"... . Many algorithms for inferring a decision tree from data involve a twophase process: First, a very large decision tree is grown which typically ends up "overfitting" the data. To reduce overfitting, in the second phase, the tree is pruned using one of a number of available methods. The ..."
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Cited by 78 (8 self)
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. Many algorithms for inferring a decision tree from data involve a twophase process: First, a very large decision tree is grown which typically ends up "overfitting" the data. To reduce overfitting, in the second phase, the tree is pruned using one of a number of available methods. The final tree is then output and used for classification on test data. In this paper, we suggest an alternative approach to the pruning phase. Using a given unpruned decision tree, we present a new method of making predictions on test data, and we prove that our algorithm's performance will not be "much worse" (in a precise technical sense) than the predictions made by the best reasonably small pruning of the given decision tree. Thus, our procedure is guaranteed to be competitive (in terms of the quality of its predictions) with any pruning algorithm. We prove that our procedure is very efficient and highly robust. Our method can be viewed as a synthesis of two previously studied techniques. First, we ...
The consistency of the BIC Markov order estimator.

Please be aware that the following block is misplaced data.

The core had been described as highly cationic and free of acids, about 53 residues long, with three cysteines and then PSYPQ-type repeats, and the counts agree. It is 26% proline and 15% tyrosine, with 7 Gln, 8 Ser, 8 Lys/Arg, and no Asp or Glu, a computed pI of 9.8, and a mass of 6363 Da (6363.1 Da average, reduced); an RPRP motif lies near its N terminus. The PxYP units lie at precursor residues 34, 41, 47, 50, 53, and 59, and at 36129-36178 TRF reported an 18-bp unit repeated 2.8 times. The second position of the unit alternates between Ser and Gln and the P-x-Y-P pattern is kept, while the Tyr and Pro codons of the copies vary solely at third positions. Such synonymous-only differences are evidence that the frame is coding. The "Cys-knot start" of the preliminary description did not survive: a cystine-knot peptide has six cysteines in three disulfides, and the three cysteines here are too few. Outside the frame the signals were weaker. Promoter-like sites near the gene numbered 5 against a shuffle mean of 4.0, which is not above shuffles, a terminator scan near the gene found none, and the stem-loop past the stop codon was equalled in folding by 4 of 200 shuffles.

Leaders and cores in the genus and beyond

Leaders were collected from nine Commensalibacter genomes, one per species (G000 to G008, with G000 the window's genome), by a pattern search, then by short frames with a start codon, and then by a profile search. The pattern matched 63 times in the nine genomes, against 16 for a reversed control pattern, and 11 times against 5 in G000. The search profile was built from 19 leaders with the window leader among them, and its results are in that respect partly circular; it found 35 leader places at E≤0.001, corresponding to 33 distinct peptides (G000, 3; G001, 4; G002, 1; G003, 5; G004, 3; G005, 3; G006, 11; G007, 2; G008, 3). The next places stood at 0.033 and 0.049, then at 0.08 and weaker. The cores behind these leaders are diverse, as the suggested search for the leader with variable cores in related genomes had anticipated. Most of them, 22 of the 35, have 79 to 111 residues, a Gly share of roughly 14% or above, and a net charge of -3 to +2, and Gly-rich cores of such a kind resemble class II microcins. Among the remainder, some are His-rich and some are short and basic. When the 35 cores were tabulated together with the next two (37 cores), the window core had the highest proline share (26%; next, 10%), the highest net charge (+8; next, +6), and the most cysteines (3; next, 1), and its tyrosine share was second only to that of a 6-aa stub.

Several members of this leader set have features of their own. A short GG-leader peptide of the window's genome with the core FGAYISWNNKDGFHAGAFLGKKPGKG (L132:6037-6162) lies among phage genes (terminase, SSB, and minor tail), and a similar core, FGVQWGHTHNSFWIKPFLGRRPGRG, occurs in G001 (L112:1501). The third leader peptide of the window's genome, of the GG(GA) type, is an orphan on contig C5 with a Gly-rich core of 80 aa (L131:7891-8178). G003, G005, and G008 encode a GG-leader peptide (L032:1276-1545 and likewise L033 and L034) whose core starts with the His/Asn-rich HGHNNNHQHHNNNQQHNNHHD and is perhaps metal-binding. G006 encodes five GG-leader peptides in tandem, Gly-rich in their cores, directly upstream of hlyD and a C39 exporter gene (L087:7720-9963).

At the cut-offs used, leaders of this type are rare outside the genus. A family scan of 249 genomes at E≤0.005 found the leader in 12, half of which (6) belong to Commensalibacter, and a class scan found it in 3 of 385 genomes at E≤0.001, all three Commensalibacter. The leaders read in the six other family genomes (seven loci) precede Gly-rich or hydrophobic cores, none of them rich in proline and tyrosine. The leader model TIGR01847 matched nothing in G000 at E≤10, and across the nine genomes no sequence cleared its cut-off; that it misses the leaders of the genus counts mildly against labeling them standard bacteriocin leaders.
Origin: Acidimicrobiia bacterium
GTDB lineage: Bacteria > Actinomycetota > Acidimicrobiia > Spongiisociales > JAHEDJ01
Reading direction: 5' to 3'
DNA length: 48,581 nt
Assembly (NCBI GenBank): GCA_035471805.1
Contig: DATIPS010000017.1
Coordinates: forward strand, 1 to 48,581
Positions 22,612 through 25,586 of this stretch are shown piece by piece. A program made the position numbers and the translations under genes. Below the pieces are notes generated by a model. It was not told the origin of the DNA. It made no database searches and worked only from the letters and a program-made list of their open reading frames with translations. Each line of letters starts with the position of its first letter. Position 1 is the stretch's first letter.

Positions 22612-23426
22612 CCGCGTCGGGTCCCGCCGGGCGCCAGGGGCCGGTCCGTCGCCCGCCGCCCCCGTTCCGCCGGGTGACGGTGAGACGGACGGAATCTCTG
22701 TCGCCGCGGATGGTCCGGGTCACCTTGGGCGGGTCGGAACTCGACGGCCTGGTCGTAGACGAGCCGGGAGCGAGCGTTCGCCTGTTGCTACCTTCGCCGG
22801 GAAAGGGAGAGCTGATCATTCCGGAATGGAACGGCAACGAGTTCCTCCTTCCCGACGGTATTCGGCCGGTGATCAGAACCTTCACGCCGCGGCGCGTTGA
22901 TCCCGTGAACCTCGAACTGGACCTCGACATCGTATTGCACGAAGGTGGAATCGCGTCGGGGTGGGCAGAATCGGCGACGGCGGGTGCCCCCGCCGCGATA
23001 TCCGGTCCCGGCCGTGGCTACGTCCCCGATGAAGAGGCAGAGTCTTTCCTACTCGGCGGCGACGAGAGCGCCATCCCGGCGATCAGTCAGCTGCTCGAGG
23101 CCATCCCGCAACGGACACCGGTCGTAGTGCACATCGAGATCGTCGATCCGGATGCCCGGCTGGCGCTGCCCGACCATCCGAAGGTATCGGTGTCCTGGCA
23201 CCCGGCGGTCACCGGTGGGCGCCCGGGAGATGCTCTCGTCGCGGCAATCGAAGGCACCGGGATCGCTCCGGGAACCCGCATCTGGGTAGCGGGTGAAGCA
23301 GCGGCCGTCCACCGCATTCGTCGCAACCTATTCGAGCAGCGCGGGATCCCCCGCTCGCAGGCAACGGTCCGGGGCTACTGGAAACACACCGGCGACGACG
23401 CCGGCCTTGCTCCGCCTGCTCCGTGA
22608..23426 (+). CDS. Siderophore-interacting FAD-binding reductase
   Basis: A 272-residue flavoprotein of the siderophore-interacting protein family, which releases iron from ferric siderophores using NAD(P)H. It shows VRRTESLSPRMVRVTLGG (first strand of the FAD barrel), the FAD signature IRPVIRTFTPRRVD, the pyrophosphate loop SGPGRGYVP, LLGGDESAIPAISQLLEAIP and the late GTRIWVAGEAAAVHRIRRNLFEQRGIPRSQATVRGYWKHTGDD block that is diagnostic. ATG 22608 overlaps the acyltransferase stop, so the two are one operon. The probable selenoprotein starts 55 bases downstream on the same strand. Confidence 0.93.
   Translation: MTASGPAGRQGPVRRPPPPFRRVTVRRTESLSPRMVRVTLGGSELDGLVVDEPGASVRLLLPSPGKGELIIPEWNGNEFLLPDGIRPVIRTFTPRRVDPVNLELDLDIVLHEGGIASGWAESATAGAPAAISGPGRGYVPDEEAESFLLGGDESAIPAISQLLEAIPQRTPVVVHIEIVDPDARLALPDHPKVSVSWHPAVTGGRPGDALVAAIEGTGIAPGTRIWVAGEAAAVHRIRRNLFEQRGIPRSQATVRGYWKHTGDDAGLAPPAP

"... . The Bayesian Information Criterion (BIC) estimates the order of a Markov chain (with finite alphabet A) from observation of a sample path x 1 ; x 2 ; : : : ; x n , as that value k = k that minimizes the sum of the negative logarithm of the kth order maximum likelihood and the penalty term jAj ..."
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Cited by 64 (3 self)
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. The Bayesian Information Criterion (BIC) estimates the order of a Markov chain (with finite alphabet A) from observation of a sample path x 1 ; x 2 ; : : : ; x n , as that value k = k that minimizes the sum of the negative logarithm of the kth order maximum likelihood and the penalty term jAj k (jAj\Gamma1) 2 log n: We show that k equals the correct order of the chain, eventually almost surely as n ! 1, thereby strengthening earlier consistency results that assumed an apriori bound on the order. A key tool is a strong ratiotypicality result for Markov sample paths. We also show that the Bayesian estimator or minimum description length estimator, of which the BIC estimator is an approximation, fails to be consistent for the uniformly distributed i.i.d. process. AMS 1991 subject classification: Primary 62F12, 62M05; Secondary 62F13, 60J10 Key words and phrases: Bayesian Information Criterion, order estimation, ratiotypicality, Markov chains. 1 Supported in part by a joint N...
Efficient Bayesian Parameter Estimation in Large Discrete Domains
 Advances in Neural Information Processing Systems
, 1999
"... In this paper we examine the problem of estimating the parameters of a multinomial distribution over a large number of discrete outcomes, most of which do not appear in the training data. We analyze this problem from a Bayesian perspective and develop a hierarchical prior that incorporates the assum ..."